Joe Carroll: Texas Wildcatter Moncrief Hits Latest Gusher Beneath Old Fields. (Hat tip: John A. Bailo)
Jan. 20 (Bloomberg) -- William “Tex” Moncrief, the billionaire wildcatter and scion of one of the founding families of the Texas oil industry, is betting the key to finding new gushers is to go deeper than anyone has gone before.
Moncrief agreed in September to help finance McMoRan Exploration Co.’s $70 million Davy Jones well off the Louisiana coast in exchange for a 10 percent stake in the prospect. The gamble paid off last week, when New Orleans-based McMoRan said the well hit what may be one of the biggest Gulf of Mexico oil and gas discoveries in decades.
Moncrief bought a piece of Davy Jones after being impressed by McMoRan’s success with a former Exxon Mobil Corp. well known as Blackbeard at a then-record depth of 32,997 feet (10,057 meters). He said he’s eager to invest in more projects with McMoRan Co-Chairman James “Jim Bob” Moffett, a friend of 50 years and a pioneer in finding oil miles beneath old fields.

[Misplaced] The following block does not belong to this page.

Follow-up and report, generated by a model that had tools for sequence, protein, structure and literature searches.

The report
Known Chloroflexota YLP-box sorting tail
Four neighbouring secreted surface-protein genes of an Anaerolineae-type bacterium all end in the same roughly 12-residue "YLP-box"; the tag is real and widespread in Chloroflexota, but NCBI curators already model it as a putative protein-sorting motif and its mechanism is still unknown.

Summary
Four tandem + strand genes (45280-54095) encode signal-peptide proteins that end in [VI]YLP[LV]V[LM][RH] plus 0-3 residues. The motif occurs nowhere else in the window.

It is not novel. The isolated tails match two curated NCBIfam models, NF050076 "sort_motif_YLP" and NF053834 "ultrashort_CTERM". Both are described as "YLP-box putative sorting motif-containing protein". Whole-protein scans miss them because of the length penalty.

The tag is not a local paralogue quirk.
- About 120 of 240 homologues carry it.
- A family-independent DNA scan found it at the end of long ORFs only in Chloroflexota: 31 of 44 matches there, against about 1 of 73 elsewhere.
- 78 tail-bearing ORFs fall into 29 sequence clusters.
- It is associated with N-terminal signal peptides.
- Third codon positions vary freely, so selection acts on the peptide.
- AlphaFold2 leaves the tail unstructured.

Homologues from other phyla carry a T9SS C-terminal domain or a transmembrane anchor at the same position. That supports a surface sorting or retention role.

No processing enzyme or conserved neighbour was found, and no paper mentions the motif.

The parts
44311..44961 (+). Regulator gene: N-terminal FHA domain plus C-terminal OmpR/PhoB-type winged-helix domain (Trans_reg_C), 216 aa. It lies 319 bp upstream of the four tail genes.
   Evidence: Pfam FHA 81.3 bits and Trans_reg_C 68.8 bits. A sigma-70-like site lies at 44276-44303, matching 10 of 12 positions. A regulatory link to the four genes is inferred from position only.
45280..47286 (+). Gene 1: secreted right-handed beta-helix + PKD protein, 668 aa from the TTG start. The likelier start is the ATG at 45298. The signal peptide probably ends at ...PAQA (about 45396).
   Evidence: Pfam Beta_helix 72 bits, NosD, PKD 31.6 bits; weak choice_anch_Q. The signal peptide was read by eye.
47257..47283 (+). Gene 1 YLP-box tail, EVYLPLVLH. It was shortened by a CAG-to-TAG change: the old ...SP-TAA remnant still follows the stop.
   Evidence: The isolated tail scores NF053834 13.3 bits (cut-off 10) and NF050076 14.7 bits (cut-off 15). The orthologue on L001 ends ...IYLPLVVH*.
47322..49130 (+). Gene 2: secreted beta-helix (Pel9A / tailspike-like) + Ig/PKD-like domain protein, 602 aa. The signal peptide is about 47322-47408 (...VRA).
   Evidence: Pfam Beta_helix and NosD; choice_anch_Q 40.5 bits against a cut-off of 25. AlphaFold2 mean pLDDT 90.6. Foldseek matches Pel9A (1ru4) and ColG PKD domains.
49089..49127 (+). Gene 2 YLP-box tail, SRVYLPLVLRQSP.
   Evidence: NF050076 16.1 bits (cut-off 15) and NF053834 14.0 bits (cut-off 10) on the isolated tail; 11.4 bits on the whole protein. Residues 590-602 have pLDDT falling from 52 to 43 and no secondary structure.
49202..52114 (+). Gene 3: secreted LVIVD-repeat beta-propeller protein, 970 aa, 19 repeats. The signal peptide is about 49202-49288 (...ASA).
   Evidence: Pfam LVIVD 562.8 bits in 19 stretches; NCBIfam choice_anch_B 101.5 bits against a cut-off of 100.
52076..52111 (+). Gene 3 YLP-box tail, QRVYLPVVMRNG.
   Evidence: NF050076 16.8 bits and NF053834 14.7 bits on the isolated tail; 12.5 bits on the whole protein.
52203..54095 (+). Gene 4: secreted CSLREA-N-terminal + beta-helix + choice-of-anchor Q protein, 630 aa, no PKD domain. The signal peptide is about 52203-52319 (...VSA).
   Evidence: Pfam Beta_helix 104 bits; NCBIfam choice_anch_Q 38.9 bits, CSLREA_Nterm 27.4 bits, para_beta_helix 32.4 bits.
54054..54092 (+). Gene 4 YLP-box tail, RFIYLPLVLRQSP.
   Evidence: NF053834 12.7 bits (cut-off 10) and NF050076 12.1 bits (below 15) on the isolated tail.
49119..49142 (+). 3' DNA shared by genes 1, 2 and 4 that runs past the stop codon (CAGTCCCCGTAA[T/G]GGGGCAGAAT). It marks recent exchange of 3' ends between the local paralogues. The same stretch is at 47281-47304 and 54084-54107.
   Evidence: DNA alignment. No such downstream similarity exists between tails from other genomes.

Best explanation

“I knew Jim Bob took in that old Exxon Blackbeard well and went deeper with it to make it work,” Moncrief, 89, said in a telephone interview from the headquarters of closely held Moncrief Oil in Fort Worth, Texas. “I’ve drilled lots of deep wells. Sometimes when you don’t find what you’re looking for, you have to just keep on going.”
The biggest find so far in Moncrief’s 64 years in the oil patch was the Madden field in Wyoming, which he tapped at almost 28,000 feet underground in 1969. Four decades after its discovery, Madden is pumping out enough natural gas to rank as the state’s fifth-biggest producer, according to the Wyoming Oil and Gas Commission.
“Tex has always been very aggressive and willing to go after deals,” said A.V. Jones, owner of Van Operating Ltd., an Albany, Texas-based oil producer. “He’s been a leader as far as going after some of the deep stuff that takes real money to make it play.”
McMoRan said today that its Davy Jones well found additional hydrocarbon-bearing sands after drilling deeper following the discovery announced last week. The well was drilled to 28,603 feet, all but about 20 feet of that beneath the seafloor. It has found 200 net feet of productive sands and will go deeper, according to McMoRan.